Friends of the Van Duzen River
A Grass Roots community organization comprised of residents and visitors to the Van Duzen Region. We are Dedicated to helping to restore the river for future Generations

State board strikes Palco logging
By John Driscoll The Times-Standard

Friday, June 17, 2005 -

State water officials upheld a draft order demanding Pacific Lumber Co. logging in Elk River and Freshwater be cut back -- agreeing that their regional counterparts breached state law when they permitted the company's plans.

The State Water Resources Control Board in Sacramento found that a December decision by the executive officer of the North Coast Regional Water Quality Control Board, and another in March by the board itself, improperly freed up logging in the impacted watersheds.

"As the lead agency for protecting the waters of the state, the board feels this order is appropriate for protecting water quality," said state board Chairman Arthur Baggett Jr.

The five-member state board voted unanimously to approve the order.

At issue was the permitting of timber plans covering 1,100 acres in the two areas, which stretched the limits of a general waste discharge permit. Executive Officer Catherine Kuhlman released 50 percent of the acreage in December, and in March her board released another 25 percent.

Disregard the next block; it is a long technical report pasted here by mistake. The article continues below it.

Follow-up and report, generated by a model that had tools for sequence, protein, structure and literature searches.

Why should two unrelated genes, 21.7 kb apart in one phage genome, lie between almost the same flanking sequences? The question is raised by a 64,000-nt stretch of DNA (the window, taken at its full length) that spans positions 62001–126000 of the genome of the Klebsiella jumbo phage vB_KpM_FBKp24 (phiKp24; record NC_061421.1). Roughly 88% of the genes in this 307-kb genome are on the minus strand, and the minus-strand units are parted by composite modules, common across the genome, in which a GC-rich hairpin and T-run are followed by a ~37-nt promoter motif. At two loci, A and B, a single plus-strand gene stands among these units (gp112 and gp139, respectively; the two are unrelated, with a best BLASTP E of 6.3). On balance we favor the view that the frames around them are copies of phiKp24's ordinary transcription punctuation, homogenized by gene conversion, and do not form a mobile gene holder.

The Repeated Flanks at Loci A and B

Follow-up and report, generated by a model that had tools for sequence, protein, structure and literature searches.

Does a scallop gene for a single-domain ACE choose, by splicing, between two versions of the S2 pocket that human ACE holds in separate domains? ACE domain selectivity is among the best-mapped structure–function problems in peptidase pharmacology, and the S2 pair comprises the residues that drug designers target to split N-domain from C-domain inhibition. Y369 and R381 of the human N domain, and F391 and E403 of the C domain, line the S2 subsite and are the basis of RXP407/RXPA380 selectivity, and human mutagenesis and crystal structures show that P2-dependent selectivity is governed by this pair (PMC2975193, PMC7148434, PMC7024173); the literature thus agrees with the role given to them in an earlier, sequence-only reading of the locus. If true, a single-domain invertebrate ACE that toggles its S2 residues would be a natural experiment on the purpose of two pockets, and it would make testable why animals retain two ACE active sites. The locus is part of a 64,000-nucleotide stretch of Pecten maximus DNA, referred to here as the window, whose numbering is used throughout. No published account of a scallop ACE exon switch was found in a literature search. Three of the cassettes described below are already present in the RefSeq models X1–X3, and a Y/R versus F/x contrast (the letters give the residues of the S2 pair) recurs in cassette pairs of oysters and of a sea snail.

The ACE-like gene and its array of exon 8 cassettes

Much of the logging has already been done, but Palco spokesman Chuck Center said as much as 7 million board feet of timber is standing and no longer accessible. He said that will affect the company economically. Palco has been logging an average of about 150 million board feet per year in recent years over its 220,000 acre ownership.

Center also read the decision as having broad ramifications for all timberland owners, requiring an extensive review of waste discharge permits for any timber plan in an impaired watershed. The vast majority of watersheds on the North Coast are considered impaired.

"I think the California Department of Forestry needs to take a look at this as well," he said.

But Kuhlman didn't interpret the order the same way, saying general permits could still be used in impaired watersheds -- just not watersheds with extensive records of disturbance.

"These are very special watersheds," Kuhlman said.

Kuhlman said it was reasonable for her board to allow a portion of the logging -- the first time a regional board has taken action to crimp logging significantly.

Watershedwide permits are expected to be released in draft form next week, and hearings are tentatively scheduled for September.

"Those permits would have been done long ago if PL would have been forthcoming in providing data," said Mark Lovelace of the Humboldt Watershed Council, who placed the onus for any reduction of logging at Palco's feet. "PL is done in these watersheds this year."
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June 16, 2005, 9:30PM


California board limits Palco harvest

Maxxam-owned unit cannot cut some trees
Copyright 2005 Houston Chronicle

Pacific Lumber Co. suffered a major setback Thursday after a California state board ruled to limit the company's timber harvesting.